To Answer Trump’s Question…

He asked why African Americans were dying of COVID-19 at a higher rate

Claudia Stack
Apr 15, 2020 · 3 min read
Photo credit: CDC on Unsplash

During a briefing in the first week of April, Trump wondered aloud about higher death rate of African Americans from the COVID 19 virus. He said “We want to find the reasons on it…Why is it three or four times more so for the black community as opposed to other people? It doesn’t make sense and I don’t like it.”

Putting aside that our president does not seem to have much historical knowledge (for example, when he was at the Pearl Harbor monument, he asked “What’s this a tour of?”), here are a few thoughts:

As a European American, even having spent thousands of hours doing oral history interviews with my African American neighbors see stackstories.com for my documentary films about historic African American schools and sharecropping), I only glimpse what it is like to walk in their shoes. However, if we hope for a better world, we must try to understand the experiences of our neighbors/students/co-workers and work to mitigate inequities.

A 2015 paper entitled “Structural Racism and Health Inequities” notes that:

“The metaphor of an iceberg is useful for describing the levels at which racism operates (Gee et al., 2009). The tip of the iceberg represents acts of racism, such as cross-burnings, that are easily seen and individually mediated. The portion of the iceberg that lies below the water represents structural racism; it is more dangerous and harder to eliminate.” -Gilbert C. Gee and Chandra L. Ford

We see disparities in outcomes related to coronavirus based on the old fault lines of race. For example, fatality rates for African Americans in Chicago are disproportionately high (see https://www.cbsnews.com/news/african-americans-comprise-more-than-70-percent-of-covid-19-deaths-in-chicago-mayor-says-2020-04-06/)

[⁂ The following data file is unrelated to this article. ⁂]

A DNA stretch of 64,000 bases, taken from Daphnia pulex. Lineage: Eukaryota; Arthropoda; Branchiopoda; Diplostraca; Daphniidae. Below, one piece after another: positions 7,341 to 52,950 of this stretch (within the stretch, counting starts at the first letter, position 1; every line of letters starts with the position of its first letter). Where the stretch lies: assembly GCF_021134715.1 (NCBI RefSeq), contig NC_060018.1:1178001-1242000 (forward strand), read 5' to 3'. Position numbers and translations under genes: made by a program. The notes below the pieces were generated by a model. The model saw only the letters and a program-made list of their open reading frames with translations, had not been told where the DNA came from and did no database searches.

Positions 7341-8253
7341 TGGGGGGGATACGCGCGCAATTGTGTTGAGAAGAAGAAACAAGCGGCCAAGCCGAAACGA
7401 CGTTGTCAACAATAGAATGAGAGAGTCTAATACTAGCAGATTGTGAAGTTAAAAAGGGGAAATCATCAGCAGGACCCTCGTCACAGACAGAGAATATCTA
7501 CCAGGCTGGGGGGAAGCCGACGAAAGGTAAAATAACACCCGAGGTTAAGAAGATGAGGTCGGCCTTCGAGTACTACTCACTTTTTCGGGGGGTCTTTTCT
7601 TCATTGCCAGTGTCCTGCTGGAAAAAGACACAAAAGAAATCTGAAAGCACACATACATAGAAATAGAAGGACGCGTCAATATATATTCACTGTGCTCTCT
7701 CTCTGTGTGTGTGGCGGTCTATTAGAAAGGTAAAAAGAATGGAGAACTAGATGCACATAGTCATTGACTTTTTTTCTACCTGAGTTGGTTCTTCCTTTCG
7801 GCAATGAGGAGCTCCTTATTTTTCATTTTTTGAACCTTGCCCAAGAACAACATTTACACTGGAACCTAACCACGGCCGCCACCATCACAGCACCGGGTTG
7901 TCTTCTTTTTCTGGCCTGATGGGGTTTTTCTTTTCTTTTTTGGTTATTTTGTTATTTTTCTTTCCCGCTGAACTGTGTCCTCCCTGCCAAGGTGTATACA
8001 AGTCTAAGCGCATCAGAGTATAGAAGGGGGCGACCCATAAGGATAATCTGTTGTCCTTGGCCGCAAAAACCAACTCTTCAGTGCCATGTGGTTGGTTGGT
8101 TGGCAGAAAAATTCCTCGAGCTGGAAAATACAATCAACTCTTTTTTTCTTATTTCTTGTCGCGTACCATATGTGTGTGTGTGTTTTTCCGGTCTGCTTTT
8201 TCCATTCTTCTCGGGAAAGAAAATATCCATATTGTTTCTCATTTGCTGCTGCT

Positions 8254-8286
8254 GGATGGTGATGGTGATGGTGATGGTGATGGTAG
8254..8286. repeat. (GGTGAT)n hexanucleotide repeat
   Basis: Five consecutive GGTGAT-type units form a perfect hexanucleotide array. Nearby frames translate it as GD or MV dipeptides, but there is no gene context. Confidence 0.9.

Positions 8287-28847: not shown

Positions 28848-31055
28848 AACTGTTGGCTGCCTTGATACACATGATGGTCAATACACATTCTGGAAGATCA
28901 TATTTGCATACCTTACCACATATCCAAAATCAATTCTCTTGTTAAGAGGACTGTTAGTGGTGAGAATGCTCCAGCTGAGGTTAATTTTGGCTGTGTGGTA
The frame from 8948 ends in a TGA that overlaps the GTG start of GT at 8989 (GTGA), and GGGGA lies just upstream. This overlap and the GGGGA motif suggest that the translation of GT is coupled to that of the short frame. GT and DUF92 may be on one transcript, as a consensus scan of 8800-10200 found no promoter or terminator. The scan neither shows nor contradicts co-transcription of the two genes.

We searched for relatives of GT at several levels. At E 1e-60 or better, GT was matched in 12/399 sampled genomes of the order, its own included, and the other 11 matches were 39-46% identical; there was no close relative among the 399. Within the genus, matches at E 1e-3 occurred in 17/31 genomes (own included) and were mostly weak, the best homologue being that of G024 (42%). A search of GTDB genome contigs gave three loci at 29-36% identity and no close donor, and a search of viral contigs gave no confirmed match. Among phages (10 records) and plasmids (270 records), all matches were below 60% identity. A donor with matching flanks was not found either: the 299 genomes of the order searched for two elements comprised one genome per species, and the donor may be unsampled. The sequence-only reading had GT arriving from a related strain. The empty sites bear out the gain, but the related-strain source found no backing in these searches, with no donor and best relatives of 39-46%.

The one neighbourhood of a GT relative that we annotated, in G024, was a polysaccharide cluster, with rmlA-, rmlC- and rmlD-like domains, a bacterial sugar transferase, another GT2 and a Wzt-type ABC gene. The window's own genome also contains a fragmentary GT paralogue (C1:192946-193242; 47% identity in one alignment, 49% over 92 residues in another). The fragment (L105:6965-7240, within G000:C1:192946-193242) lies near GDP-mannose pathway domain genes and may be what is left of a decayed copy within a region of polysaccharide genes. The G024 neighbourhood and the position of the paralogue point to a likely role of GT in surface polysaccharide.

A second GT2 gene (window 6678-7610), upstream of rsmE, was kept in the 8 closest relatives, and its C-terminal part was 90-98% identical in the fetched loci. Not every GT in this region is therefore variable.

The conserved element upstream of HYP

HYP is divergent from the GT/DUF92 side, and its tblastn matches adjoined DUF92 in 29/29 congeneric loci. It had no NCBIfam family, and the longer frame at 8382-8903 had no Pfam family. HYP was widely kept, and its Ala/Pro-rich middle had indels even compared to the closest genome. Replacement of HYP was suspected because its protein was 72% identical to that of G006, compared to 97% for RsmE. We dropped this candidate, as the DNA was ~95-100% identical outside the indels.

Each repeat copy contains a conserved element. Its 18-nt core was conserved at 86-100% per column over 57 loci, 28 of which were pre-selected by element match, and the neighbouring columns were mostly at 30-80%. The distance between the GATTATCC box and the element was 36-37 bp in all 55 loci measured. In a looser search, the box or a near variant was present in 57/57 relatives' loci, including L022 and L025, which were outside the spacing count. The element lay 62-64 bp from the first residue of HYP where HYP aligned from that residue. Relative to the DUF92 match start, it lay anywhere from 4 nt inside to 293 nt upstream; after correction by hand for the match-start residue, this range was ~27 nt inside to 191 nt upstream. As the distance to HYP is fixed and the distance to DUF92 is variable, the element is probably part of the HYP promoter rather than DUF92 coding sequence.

Photo credit: National Cancer Institute on Unsplash

It’s not just one factor, but an accumulation of social and economic factors that make this crisis worse for African Americans. Here is just one example of a factor: Going into the COVID-19 crisis, African Americans already had much higher rates of poorly controlled asthma, partly due to a lack of access to medical care. HHS reports that African Americans have much higher rates of asthma and are almost three times more likely to die of asthma than European Americans.

In addition, as has been noted by many, “social distancing” is a privilege, and those who have insecure housing and/or low-wage jobs in essential services do not have the luxury of staying home. Again, this disproportionately affects African Americans who, thanks to targeted government policies, have accumulated little generational wealth.

These are a just a few thoughts and facts related to this phenomenon. Much more can be said. However, it is clear that the disparity in death rates has to be seen in the context of the larger economic and historical context. These issues cannot be fixed by a simple individual action, such as eating more greens.

While taking individual action to improve one’s health is always a good idea, it cannot fix the factors that for generations have worked against the health and wealth of African Americans.

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Claudia Stack

Written by

I am an educator/filmmaker. See stackstories.com to link to docs. Subscribe: http://stackstories.com/subscribe-to-get-emails-with-new-articles-and-film-info/

Age of Awareness

Stories providing creative, innovative, and sustainable changes to the ways we learn | Listen to our podcast at aoapodcast.com | Connecting 500k+ monthly readers with 1,200+ authors

Claudia Stack

Written by

I am an educator/filmmaker. See stackstories.com to link to docs. Subscribe: http://stackstories.com/subscribe-to-get-emails-with-new-articles-and-film-info/

Age of Awareness

Stories providing creative, innovative, and sustainable changes to the ways we learn | Listen to our podcast at aoapodcast.com | Connecting 500k+ monthly readers with 1,200+ authors

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